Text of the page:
Mexico is home to many sophisticated crafts. A few of which have a very bold graphic style that would not be out of place in today’s high design culture. Unfortunately the majority of skilled Mexican craftspeople don’t have the tools to work in the modern design industry and remain unknown, undervalued and underpaid.
Huichol artisans from the Sierra Madre in Central Mexico are a good example of extremely talented individuals that get virtually no international exposure. A few years ago I started a workshop introducing Adobe Illustrator to a handful of Huichol teenagers, so that they might learn to apply their good understanding of form and colour to commercial design.
Some of the most fascinating Mexican crafts are made by Huichols, they include embroidery, bead sculptures which you can see clicking HERE
Photo by Karen Elwell Photo by Dynasty x Rebel
…and yarn painting.
Yarn painting is created by laying down coloured thread on a bees wax covered board. Imagine hundreds of concentric brightly coloured lines.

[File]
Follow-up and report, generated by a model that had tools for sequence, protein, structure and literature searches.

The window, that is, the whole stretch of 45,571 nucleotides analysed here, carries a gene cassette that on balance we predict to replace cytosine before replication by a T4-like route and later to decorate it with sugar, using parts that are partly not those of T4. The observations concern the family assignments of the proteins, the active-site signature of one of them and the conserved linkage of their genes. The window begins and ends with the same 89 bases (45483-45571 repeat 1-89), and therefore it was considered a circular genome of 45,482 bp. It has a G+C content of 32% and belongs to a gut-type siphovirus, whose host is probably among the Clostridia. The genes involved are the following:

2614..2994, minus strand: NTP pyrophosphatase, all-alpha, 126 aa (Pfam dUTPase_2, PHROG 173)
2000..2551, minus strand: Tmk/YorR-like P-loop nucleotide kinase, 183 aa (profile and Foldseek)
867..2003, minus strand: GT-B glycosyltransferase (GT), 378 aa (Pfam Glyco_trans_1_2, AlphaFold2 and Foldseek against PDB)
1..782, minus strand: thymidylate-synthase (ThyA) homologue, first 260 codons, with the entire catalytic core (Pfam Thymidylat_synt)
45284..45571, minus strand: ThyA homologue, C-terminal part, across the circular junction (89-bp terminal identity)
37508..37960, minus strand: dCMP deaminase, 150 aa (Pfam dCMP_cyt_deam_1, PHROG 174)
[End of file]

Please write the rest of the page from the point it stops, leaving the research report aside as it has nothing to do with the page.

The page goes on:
One of my favorite artists is José Benítez, who’s considered the father of a dreamlike surreal graphic style of Huichol yarn painting.
José Benítez learnt the Huichol art of yarn painting in the 1960’s as an apprentice to his Shaman cousin Ramon Medina who was also an artist, creating narratives made with yarn inspired by Huichol mythology. But José Benítez took this art to a new level and began to also record his dreams, peyote induced visions and ceremonies in his work.
Every one of his paintings tells a story.
Today Benitez’s art is exhibited in many museum collections around the world. There is a remarkable 10m x 2m painting of his in the Juárez Tren Ligero station in central Guadalajara.
Aged 71 José Benítez Sánchez passed away on July 1st 2009, but his stunning work lives on through his children Josephina, Maximino and Eliseo who continue yarn painting in his footsteps.